This invention provides a method for producing a moisture-insensitive molded leathered holster comprising preparing a laminate of at least of one layer of leather and a layer of heat moldable theremoplastic material and producing a molded leather holster by heating said laminate to the molding temperature of said theremoplastic material, inserting a forming core inside said holster, and applying pressure from the outside of said holster while said temperature is reduced to a level below said molding temperature. In a specific embodiment of this invention the laminate comprises an outside and an inside sheet of leather laminated to a central sheet of thermoplastic material, preferably by the assistance of a nitrile rubber base adhesive applied between the sheet of thermoplastic material and each sheet of leather.
The method of this invention involves three process steps:
(1) the preparation of the laminate of leather and a thermoplastic material;
(2) the fabrication of the laminate into a holster; and
(3) the molding of the holster into the desired shape.
The first step involving the preparation of the laminate requires that a tight bond be achieved between at least one layer of leather and a layer of thermoplastic heat moldable material. In some instances it will be sufficient to employ a single layer of leather bonded to a single layer of plastic material. Holsters made from such a laminate would presumably have an interior surface resulting from the thermoplastic layer and an exterior surface of leather although there is nothing to prevent the opposite arrangement, i.e. interior surface of leather and an exterior surface of plastic if the user so desires. In most instances, however, particularly with respect to holsters for sidearms, the laminate will be comprised of two outside layers of leather and a central layer of plastic. Such a laminate would then produce a holster having an interior lining of leather and an exterior surface of leather with the central layer of plastic being completely hidden from view. Such a three-layered construction is preferable in a sidearm holster since it provides a nonabrasive surface next to the sidearm, and a smooth outer surface which is comfortable for the user to wear, is nonabrasive, and has a desirable appearance. A particularly advantageous feature of this invention is that the outer layer of leather may be made from the less expensive leather, such as belly leather as distinguished from leather from the shoulder or the back, which is desirable because of its strength. The softer belly leather is suitable in this use because the heat moldable plastic layer provides the necessary strength. The inner layer of leather in this holster is normally made of inexpensive split lining leather as has been the case with most holsters of the prior art.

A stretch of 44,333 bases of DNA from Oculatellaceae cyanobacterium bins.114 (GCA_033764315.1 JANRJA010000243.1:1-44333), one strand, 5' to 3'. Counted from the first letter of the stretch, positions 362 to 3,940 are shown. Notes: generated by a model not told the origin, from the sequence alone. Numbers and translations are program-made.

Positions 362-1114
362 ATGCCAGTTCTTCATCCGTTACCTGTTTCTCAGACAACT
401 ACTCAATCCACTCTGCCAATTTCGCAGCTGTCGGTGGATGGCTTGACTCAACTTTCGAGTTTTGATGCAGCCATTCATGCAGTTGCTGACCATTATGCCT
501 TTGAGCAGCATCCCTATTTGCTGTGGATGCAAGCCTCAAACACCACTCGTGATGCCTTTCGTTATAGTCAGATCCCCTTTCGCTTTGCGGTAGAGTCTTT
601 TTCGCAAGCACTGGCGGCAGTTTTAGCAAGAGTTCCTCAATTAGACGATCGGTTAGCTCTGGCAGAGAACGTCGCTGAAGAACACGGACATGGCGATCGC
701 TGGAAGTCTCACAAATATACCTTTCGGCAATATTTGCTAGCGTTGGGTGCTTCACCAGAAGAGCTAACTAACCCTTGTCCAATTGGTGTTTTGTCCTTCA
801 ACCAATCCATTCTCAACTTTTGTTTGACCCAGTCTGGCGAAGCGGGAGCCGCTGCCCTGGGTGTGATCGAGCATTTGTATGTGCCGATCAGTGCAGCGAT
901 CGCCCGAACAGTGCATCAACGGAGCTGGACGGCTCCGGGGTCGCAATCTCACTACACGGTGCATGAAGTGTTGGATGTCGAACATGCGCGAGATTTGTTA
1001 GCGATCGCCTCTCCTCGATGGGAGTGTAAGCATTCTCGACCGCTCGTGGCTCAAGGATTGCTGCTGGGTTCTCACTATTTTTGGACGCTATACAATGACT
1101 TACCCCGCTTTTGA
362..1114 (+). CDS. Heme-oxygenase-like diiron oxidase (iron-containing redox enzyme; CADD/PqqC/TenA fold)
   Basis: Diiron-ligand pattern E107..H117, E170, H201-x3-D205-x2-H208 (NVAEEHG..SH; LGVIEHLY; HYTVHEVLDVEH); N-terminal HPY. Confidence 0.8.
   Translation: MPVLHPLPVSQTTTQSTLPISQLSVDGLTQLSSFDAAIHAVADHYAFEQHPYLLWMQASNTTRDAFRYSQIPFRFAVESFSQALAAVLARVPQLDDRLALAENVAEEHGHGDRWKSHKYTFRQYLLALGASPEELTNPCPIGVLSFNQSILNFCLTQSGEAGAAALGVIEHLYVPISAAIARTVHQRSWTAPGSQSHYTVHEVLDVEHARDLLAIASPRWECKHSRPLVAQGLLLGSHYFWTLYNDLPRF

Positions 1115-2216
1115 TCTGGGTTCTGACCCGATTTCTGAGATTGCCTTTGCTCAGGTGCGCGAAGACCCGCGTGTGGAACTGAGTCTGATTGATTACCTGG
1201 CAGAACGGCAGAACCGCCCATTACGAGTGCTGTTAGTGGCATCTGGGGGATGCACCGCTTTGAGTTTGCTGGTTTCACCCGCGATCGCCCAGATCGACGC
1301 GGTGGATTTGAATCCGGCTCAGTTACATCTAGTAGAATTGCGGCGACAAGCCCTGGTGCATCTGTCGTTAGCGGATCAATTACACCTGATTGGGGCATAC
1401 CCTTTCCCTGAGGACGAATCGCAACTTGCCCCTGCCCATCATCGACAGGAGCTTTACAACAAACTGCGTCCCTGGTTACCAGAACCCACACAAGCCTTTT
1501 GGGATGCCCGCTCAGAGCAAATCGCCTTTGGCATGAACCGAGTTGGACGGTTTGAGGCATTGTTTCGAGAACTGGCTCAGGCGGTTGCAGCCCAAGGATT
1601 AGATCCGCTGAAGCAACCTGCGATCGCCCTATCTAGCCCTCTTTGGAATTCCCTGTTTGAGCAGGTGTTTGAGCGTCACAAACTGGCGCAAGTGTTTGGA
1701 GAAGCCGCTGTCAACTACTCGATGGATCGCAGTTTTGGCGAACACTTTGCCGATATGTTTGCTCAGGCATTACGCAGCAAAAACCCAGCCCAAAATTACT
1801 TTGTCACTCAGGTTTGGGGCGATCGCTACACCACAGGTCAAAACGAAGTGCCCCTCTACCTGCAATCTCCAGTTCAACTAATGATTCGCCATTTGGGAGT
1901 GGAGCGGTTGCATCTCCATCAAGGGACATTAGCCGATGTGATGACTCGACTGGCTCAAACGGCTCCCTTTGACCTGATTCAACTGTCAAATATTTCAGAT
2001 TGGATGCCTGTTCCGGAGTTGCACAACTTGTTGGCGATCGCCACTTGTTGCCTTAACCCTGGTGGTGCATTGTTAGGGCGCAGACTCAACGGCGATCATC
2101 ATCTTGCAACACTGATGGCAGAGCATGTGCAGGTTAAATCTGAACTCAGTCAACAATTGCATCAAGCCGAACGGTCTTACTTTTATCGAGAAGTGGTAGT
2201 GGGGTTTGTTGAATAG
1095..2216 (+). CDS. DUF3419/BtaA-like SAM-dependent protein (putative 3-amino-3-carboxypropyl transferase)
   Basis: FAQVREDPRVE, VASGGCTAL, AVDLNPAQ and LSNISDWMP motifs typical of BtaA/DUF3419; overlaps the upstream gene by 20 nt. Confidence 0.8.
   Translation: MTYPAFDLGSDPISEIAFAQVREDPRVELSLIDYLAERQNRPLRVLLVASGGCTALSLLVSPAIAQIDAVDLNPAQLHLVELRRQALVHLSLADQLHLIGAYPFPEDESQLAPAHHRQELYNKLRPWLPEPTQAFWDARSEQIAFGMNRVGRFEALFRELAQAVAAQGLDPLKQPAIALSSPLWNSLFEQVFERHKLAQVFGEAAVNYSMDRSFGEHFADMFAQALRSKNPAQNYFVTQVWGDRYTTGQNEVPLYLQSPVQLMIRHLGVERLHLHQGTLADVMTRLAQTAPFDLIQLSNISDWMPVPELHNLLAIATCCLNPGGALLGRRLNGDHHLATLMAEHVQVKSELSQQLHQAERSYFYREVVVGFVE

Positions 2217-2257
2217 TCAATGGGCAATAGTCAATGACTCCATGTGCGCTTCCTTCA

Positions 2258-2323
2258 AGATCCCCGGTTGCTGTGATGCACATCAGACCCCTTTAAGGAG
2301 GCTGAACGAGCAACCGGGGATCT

Another advantageous feature of this invention is that the outer layer of leather can be made from a less expensive material because of the novel construction of this laminate. In the past chrome-tanned leather was not suitable as a holster material for polished metal sidearms because the chrome salts employed in the tanning process eventually leached out and caused corrosion of the metal in the sidearm. The more expensive oak-tanned leather was necessarily employed for holster material to prevent the possibility of such corrosion. In the present invention the central layer of thermoplastic material is a barrier through which chrome salts cannot pass and thus there is no possibility for corrosion of the sidearm to occur when chrome-tanned leather is employed as the outer layer of the holster laminate.